Massachusetts Daily Collegian

Ames: It’s time to talk about UMass hockey’s stellar special teams

Both the power play and penalty kill have produced for the Minutemen

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Ames: It’s time to talk about UMass hockey’s stellar special teams

(Caroline O'Connor/ Daily Collegian)

(Caroline O'Connor/ Daily Collegian)

(Caroline O'Connor/ Daily Collegian)

(Caroline O'Connor/ Daily Collegian)

By Ryan Ames, Assistant Sports Editor

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The No. 11 Massachusetts hockey team worked all preseason on improving its special teams. The power play units needed to be more effective and the penalty-kill tandems had to perform more consistently than last season. Coach Greg Carvel stressed showing growth in those two areas would go a long way in the successes and failures of this year’s UMass (5-1-0, 2-0-0 Hockey East Association) team.

Through the first month, the Minutemen have been nearly lights-out in all areas of the special teams department.

Only six games have been played, but both the power play and penalty kill have already shown steady improvement and have each played important roles in winning UMass games.

Take the most recent series against Merrimack as an example. The Minutemen scored nine goals over two games with the Warriors. Four came on the man-advantage, one was a shorthanded strike and one came after UMass pulled its goalie and were skating 6-on-5. That’s six out of nine goals coming when play wasn’t at even strength.

Then midway through the second period, freshman Bobby Trivigno was assessed a five-minute major penalty and a game misconduct, putting the Minutemen on an extended kill at a critical point in the contest. The score was knotted at 2-2 and Merrimack could have put the game away but instead UMass stood tall, making four blocks combined with Filip Lindberg’s four saves, to keep it tied.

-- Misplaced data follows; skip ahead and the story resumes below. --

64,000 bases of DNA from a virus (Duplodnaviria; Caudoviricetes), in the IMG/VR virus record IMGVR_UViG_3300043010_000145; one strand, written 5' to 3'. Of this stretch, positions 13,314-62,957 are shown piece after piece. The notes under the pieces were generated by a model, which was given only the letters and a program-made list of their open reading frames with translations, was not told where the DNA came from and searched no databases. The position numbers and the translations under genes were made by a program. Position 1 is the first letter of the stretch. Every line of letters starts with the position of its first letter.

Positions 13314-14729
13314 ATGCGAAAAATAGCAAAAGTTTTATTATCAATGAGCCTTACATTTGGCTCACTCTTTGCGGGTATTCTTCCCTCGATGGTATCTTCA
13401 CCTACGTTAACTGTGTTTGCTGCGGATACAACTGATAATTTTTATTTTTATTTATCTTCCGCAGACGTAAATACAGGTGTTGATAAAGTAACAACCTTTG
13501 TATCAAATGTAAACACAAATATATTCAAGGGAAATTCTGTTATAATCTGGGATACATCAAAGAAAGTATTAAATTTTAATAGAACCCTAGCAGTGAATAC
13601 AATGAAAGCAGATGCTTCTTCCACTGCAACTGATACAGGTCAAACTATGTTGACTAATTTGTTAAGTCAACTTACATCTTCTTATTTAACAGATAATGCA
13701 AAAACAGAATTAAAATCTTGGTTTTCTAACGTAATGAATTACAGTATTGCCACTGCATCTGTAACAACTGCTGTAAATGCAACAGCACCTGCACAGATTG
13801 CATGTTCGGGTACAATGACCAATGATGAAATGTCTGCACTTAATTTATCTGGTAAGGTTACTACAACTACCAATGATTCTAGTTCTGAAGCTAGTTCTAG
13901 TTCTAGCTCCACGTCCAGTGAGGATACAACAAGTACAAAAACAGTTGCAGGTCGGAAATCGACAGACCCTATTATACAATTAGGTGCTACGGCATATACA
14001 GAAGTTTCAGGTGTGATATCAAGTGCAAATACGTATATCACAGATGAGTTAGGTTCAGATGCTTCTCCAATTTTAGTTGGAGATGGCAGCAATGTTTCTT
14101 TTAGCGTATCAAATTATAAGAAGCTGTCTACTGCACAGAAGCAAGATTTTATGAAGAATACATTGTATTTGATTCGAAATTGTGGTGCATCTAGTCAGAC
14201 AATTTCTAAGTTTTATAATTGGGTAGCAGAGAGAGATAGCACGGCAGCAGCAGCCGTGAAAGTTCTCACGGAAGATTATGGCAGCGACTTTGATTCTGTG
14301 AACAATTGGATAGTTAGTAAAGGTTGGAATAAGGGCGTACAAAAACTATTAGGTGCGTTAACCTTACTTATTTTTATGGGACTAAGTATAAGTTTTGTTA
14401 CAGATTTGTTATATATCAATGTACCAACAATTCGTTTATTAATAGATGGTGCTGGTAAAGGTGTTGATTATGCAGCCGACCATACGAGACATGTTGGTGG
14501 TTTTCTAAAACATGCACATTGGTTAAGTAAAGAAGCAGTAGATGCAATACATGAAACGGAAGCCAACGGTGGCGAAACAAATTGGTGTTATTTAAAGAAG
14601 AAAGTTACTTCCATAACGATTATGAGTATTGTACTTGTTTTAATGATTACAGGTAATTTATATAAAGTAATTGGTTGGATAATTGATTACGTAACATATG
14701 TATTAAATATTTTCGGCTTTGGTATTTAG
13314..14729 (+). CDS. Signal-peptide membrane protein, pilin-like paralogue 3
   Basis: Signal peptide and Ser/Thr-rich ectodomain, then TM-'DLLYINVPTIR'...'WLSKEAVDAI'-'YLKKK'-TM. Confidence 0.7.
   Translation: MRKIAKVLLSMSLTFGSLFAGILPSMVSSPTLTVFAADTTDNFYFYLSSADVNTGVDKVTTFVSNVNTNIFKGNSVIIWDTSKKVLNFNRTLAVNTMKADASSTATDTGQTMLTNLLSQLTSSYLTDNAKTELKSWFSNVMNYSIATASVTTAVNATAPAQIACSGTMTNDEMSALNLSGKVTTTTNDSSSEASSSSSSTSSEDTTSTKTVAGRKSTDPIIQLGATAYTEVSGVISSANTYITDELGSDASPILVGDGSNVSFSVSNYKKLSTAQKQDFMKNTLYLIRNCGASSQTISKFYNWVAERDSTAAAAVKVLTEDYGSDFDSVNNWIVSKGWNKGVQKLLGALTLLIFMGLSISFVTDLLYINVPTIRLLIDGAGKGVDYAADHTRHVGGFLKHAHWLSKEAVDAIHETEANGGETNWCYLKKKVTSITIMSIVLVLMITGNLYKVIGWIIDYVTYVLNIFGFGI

The special teams’ effort won the series and has been a strong point all season long.

On the season, the Minutemen have a 37 percent conversion rate (10-for-27) while up a man, technically good for first in the country. Dartmouth and Harvard each have a higher percentage, but both have only played one game.

Graduate transfer Jacob Pritchard has particularly been a weapon on the power play, as all three of his goals have come on the man-advantage. He stands along the right half-wall and is a prime passing option for Cale Makar when he feels pressure at the point and so far, it’s worked wonders.

That entire first unit of Pritchard, Makar, Mitchell Chaffee, John Leonard and Marc Del Gaizo have looked really well together and seem to have effortless chemistry.

Makar at the point is extremely lethal, as his shiftiness plus his vision make him a nightmare to defend. Leonard and Pritchard act as the trigger men while Chaffee is more of the net-front presence. Marc Del Gaizo is the other outlet for Makar on the left.

There isn’t a significant drop off with the second unit as Mario Ferraro, Ty Farmer, Bobby Trivigno, Philip Lagunov and Niko Hildenbrand (or Oliver Chau) have looked in sync as well.

With all the attention the power play is getting it’s easy to overlook just how tight the penalty kill has been. Sticking with these last two games against the Warriors, UMass killed all six of its penalties off in the first outing and then repeated the feat the next night, with a major penalty thrown in there too.

The spectacular goaltending of Matt Murray can take much of the credit for the PK success on Friday while the Minutemen were more tenacious Saturday, led by Hildenbrand especially.

UMass’ penalty kill sits with an 89 percent success rate (26-of-29) and is tops among all Hockey East schools. While a power play strike can ignite the offense, a shutdown penalty kill can instill confidence throughout the entire lineup and that seems to have infected each and every Minuteman during this early stretch.

Now the key for the Minutemen will be to keep the special teams’ success going and prove it can be a season-long threat and not just an early-season mirage.

Ryan Ames can be reached at [email protected] or on Twitter @_RyanAmes.

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